Thursday, November 22, 2007
Ok, even a dedicated cheapskate spends a buck every now and then. We have out-of-town guests staying with us for Thanksgiving and we all decided to go see Disney's Enchanted at a first-run theater. The late show at the Southpoint Theater in Durham, NC. If you were there too I was the guy in the fourth row who muttered about "ten bucks to see an f'in' movie" though the opening credits.
I don't have time for a lengthy review. Did I mention out-of-town guests? Well, they are starting to wake up and my hermit-in-the-office time is limited, plus there's that big raw bird in the refrigerator to deal with...
Without giving away anything that isn't obvious from the trailer, Enchanted is the story of a Disney princess from an animated world -- small animals that talk and sing, birds that can tie ribbons into bows, that sort of stuff. She has a run-in with an evil queen and winds up magiced into gritty, live-action New York. While she is waiting for her handsome prince to come rescue her she is taken in by a world-weary divorce lawyer (divorced himself) who lives alone with his young daughter.
Enchanted is a lovely film and succeeds wonderfully at what it tries to do. It is an excellent example of a rare form: the affectionate parody -- parody without snarkiness. In Enchanted Disney spends the entire film making fun of Disney films, with specific references to all of their animated films and deft send-ups of the patented Disney Schmaltz. In the animated portions there are just a few too many cute talking animals helping our heroine, a few too many hearts and flowers and the songs are just a bit over the top. But it's wonderfully subtle, you can get the joke without stepping out of the experience. In the live actions sequences the cartoon romanticism collides with gritty, New York realism and comes off better than you might expect -- not because the characters are surrounded by some sort of Glenda-the-good-witch bubble, but because princesses turn out to be more resilient than you might expect. There is not one shred of alienation in the whole film.
One gets the sense that the entire rather-large cast of Enchanted consists of insider cameos. In recent years Disney has had a series of mega-hits on Broadway which has given them a New York Theater vibe to offset their Los Angeles Movie biz connections. With Enchanted Disney is flexing their New Yorker muscles: Enchanted is very much a New York City movie -- several plot elements revolve around addresses (New Yorkers love the yeah, I've been there thing) and there are fantasy elements designed just for residents of the Big Apple; talking chipmunks and giant dragons may be fantasy elements for the rest of us but that rent-controlled apartment with a view is the stuff of dreams for New Yorkers.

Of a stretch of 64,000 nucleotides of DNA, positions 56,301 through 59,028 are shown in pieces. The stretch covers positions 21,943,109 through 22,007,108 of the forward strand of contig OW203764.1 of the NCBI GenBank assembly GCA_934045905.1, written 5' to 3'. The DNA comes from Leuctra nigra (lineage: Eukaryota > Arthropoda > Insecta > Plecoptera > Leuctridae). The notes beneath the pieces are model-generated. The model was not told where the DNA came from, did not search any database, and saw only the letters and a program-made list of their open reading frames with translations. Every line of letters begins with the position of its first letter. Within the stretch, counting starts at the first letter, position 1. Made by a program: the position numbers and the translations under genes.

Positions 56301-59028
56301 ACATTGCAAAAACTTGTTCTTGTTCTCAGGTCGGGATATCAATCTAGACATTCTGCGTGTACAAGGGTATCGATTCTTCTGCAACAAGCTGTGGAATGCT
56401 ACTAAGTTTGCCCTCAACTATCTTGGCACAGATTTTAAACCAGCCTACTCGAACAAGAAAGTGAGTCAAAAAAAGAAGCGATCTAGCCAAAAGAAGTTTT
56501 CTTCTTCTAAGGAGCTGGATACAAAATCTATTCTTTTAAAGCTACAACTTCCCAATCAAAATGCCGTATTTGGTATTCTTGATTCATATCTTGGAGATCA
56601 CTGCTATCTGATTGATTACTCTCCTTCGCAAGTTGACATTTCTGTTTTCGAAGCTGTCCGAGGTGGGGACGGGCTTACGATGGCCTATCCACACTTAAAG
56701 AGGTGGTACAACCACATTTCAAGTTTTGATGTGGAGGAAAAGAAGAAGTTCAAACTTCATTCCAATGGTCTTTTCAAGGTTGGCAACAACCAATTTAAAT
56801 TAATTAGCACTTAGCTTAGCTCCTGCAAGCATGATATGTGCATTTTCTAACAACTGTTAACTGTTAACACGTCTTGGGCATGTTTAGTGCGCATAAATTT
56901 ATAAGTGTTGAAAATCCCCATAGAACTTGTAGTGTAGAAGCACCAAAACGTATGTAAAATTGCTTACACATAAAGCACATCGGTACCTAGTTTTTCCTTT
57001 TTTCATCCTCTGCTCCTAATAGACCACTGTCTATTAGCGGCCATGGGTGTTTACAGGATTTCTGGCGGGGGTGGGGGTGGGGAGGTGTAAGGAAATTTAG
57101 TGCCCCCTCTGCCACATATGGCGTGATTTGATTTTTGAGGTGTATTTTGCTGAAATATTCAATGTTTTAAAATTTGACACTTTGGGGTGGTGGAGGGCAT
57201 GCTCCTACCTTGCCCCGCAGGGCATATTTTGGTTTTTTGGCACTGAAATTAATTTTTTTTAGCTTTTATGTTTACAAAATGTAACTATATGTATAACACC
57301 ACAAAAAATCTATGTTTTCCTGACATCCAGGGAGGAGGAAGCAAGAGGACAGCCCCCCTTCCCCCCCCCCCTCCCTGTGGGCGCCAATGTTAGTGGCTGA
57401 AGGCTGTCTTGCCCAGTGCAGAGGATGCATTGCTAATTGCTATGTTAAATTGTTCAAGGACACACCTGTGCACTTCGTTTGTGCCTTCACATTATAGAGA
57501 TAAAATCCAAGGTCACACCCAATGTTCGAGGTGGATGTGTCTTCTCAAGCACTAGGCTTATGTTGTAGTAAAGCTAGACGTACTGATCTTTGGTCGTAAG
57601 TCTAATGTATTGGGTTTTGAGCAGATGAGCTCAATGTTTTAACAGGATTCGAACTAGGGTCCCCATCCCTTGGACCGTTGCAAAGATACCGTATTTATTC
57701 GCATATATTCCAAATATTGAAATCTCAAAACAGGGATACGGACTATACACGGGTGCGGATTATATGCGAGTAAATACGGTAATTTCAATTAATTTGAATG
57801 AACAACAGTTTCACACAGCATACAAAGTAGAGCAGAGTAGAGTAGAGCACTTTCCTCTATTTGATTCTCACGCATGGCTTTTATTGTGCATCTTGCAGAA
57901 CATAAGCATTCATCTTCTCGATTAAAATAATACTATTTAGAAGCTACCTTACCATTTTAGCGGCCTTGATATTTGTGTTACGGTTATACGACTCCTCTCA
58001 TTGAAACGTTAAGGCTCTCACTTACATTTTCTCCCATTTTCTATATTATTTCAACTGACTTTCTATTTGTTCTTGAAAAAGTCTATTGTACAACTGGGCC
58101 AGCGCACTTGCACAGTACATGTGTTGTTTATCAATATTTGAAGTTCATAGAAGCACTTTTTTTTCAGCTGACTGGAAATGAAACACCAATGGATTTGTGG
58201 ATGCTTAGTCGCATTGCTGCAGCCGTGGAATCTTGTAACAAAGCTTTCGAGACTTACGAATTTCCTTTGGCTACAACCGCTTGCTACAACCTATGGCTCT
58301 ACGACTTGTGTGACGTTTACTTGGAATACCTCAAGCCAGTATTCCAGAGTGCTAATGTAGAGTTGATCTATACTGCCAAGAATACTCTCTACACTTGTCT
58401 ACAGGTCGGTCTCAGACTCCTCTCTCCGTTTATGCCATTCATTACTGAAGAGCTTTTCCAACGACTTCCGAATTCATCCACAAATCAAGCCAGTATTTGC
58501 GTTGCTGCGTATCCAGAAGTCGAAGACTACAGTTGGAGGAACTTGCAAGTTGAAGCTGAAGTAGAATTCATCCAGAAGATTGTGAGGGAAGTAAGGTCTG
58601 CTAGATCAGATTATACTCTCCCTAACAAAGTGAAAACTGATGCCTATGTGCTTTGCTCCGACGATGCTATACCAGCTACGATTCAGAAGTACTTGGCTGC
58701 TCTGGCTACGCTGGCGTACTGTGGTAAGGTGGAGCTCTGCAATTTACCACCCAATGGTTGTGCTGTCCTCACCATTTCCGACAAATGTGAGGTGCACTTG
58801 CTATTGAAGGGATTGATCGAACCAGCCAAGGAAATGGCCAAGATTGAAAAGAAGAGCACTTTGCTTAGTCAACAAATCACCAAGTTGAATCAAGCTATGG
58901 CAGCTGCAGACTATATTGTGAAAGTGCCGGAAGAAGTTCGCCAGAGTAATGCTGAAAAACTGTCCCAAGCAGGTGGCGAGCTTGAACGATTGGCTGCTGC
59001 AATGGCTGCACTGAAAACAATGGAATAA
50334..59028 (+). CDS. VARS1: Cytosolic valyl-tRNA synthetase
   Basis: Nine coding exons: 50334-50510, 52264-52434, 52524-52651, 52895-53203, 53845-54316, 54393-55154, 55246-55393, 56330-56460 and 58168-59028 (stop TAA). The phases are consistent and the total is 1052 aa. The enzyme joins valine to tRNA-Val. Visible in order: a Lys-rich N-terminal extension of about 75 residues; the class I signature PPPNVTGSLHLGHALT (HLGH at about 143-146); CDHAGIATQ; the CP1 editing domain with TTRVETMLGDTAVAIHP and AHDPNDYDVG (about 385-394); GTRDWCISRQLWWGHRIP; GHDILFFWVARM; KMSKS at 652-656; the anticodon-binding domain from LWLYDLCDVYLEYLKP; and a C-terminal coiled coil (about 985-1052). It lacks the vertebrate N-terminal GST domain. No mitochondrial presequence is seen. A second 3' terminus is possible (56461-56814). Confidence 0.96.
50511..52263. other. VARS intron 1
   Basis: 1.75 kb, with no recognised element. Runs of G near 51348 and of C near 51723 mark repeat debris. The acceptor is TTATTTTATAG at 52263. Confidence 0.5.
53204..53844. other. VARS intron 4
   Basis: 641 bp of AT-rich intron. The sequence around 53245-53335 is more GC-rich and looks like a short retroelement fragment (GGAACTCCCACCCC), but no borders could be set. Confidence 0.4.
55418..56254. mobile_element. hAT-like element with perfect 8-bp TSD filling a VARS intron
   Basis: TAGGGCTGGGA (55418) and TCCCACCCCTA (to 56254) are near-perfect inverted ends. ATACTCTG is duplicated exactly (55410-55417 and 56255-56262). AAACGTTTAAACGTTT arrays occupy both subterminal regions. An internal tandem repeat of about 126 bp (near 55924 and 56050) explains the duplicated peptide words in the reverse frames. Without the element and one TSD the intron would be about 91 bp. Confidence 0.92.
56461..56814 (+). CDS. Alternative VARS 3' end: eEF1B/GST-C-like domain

Bottom line: If you take a very jaded view of things Disney you might miss the cynicism of other parodies that target Disney films (see The Cheap Critic: Shrek Third) but if you are looking for an almost perfect family film you might drop a couple of bucks on Enchanted. I spent ten to see it and I am only mildly cranky about it: the movie is that good.
Tuesday, November 20, 2007
I meant to post this photo on veterans day but life got complicated and it didn't happen. This is a small image of a copyrighted AP photograph that was taken on the Kuwaiti side of the Kuwait/Iraq border the night before the initial assault started. These soldiers got up at 3:00 am to listen to the President's speech on the radio. Chris is second to the left, holding the radio.
Wednesday, November 14, 2007
The disconcerting thing about funerals is how enjoyable they can be. It is pleasant to get a chance to catch up with family members you don't get to see as often as you would like, but you feel guilty about it. You might see a favorite aunt and say "It is so good to see you... but I wish it was for a better occasion." For the extended family it is a reunion with one chair sadly empty and for the immediate family it keeps them busy -- with planning, notifications, arrangements, giving directions, meeting people at airports, making sure everyone is fed and housed, and with all the business of hosting such a large event, until the pain had ebbed just enough to get on with their lives.
This past weekend I attended a family funeral in the small town of Nitro, West Virginia, with the burial in nearby Huntington. I took along my camera to snap a few shots of relatives and this posting is mostly intended to provide the extended family with this link (click here) to the photos that I took.
This is probably the best photo of the lot. It shows three generations of the family of the deceased.
While the adults know, intellectually, that life will go on, it is always the kids that make the concept concrete.
As I was waiting near the end of the procession to park in the cemetery this old truck caught my eye. I went back the next morning to snap this shot of it.